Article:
Preheat oven to 350 degrees F. Grease a 9x13 inch baking dish. Spread the rhubarb evenly in the bottom of the baking dish. Sprinkle the sugar over the rhubarb, followed by the dry jell-o, and finally the dry cake mix. Pour the water and melted butter over the top. Do not stir. Bake for 45 minutes or until the rhubarb is tender.
~ ~ ~ ~ ~ ~
But I didn't follow the recipe exactly. A friend brought me some rhubarb, but it was pencil thin and most were not much longer than a pencil, so it only gave me a little less that 2 cups. I had a 6 oz. box of fresh blueberries in the fridge so added those. I bought them thinking I would make blueberry muffins but that didn't happen, so I knew they should be used. That still wasn't 4 cups. I had a bag of mixed berries in the freezer - blueberries, raspberries, blackberries, strawberries - so added those to make 4 cups. And when I went to the pantry to get some jello, all I had was one box of peach. With the blueberries and blackberries, it really didn't matter what color the jello was! I used a scant cup of sugar since the berries are naturally sweeter than rhubarb.
A dish of warm dessert with a scoop of vanilla ice cream. . . . . heaven! With a dump cake, any fruit can be used and it will be good. I still want to make one with all rhubarb, but I need to tell my friend to let it get much bigger and longer before she takes some.

Tuesday, June 11, 2013

'Tis Home Sweet Home


I am ashamed to even show you this picture. Such a mess! But this is what my kitchen can look like after making a trip to Walmart. This is actually after several things were put away so this isn't the worst of it. The bags hanging on the chairs have either all the empty bags in it or some of the groceries that need to go to the pantry.


This looks much better!. Not perfect but not that bad. The dishes have been washed and put away and the table is cleaned off, jacket and shoes put away, and presentable enough if someone came to the door.

Monday, June 10, 2013

This & That


There is a lot of this and that in this picture, don't you think? That is what Mondays on this blog will be about. Or at least I hope so. We will see how this goes.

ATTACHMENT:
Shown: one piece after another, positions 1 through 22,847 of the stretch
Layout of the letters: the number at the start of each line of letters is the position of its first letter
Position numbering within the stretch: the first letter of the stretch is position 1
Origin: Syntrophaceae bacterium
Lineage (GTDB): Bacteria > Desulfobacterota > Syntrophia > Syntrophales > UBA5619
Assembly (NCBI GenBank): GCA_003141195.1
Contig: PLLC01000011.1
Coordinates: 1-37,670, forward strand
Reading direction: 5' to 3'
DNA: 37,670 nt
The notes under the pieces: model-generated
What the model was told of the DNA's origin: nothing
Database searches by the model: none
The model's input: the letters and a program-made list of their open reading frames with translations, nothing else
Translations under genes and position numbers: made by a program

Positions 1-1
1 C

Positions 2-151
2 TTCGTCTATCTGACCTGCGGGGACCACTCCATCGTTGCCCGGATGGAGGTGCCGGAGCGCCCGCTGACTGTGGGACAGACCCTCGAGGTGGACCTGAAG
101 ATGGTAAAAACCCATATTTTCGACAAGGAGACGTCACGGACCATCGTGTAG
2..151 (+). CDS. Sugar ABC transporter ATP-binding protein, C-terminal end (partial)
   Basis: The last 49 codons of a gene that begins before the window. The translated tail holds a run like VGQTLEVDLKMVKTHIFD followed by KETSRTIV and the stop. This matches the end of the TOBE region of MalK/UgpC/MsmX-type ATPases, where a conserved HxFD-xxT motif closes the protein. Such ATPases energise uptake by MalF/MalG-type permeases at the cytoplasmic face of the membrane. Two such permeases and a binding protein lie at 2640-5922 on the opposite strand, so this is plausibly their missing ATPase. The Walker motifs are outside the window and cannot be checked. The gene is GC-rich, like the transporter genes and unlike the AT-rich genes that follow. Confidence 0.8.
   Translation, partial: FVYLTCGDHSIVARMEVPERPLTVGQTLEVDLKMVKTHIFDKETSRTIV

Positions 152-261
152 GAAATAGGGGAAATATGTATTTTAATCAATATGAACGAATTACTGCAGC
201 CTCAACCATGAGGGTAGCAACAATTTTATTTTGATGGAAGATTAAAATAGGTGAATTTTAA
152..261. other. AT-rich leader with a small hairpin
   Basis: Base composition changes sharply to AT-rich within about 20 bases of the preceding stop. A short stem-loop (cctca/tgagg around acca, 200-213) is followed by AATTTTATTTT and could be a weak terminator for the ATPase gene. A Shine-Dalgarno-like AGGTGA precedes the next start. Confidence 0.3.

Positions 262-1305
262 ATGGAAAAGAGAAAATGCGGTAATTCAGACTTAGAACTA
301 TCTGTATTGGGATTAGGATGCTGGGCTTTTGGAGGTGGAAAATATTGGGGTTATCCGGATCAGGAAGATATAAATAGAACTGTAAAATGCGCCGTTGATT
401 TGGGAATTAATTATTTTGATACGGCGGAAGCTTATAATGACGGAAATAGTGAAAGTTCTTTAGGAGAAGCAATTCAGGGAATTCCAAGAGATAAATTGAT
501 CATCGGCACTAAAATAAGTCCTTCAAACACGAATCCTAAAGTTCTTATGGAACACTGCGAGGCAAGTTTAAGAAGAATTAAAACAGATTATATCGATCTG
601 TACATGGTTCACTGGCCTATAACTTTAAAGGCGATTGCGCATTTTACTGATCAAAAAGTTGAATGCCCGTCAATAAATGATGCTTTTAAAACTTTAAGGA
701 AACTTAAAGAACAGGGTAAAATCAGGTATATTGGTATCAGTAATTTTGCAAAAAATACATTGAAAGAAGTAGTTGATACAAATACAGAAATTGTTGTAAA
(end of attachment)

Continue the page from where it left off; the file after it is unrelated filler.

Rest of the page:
You see, I have totally been disorganized with my posts so far. And my mind has not been very fruitful as to what to write, so my posts have been sporadic. I have been looking at some other blogs and many have a main theme, or each day has a theme. I have also gotten some ideas for what kinds of pictures to take. So the other day I sat down and wrote some daily themes. And when I think of something to write about I will write the post and then schedule it for publication in advance. I think that way I won't feel as pressured to get something posted. Here is the list:

Monday - This & That ( whatever doesn't fit in the other categories)
Tuesday - 'Tis Home, Sweet Home ( house, decorating, gardening)
Wednesday - What's Cooking (recipes, etc)
Thursday - Down Memory Lane
Friday - Faith Friday

I don't have a day for sewing, crafting and other projects, so unless I add Saturdays, they may be included either in This & That or 'Tis Home,Sweet Home. I think I would like to take weekends off, but we will see. This isn't written in stone yet, so there may be some tweaking or changing as time goes on. This is still a work in progress.

Friday, June 7, 2013

Down Memory Lane

My Childhood Home on the Farm

My mother still cooked with the old cookstove on the farm until they moved to town in 1960. She also had a propane gas 'modern' stove as well, mostly for cooking in the hot summers. But in the winter Mom started a fire in the cookstove, partly for the heat in the drafty old farmhouse. But she also cooked on top of the stove, baked in the oven, and there was a reservoir on one end where water was kept warm. I don't know how she did so well with baking in that oven since it would seem, to me, to be very hard to keep the temperature regulated. But she grew up with that so had lots of practice. She also would heat the wash water for laundry in a big copper boiler on top of the stove. Then it had to be carried to the washing machine. Nothing was easy. They didn't burn wood in the cookstove, but used old corn cobs saved after shelling corn from the field. The cobs were stored in a building next to the house (the back end barely visible in far right of picture above), and the front part of that long building was the garage, then the cob bins and next to that was the chicken mash (feed). Sometimes when we brought a basket of cobs in the house, a mouse would manage to sneak in with them. Eeeek! They would climb out when least espected!

One of my memories about a mouse is when one ran up my dad's leg, under his overalls! That is the only time I ever saw my dad dance!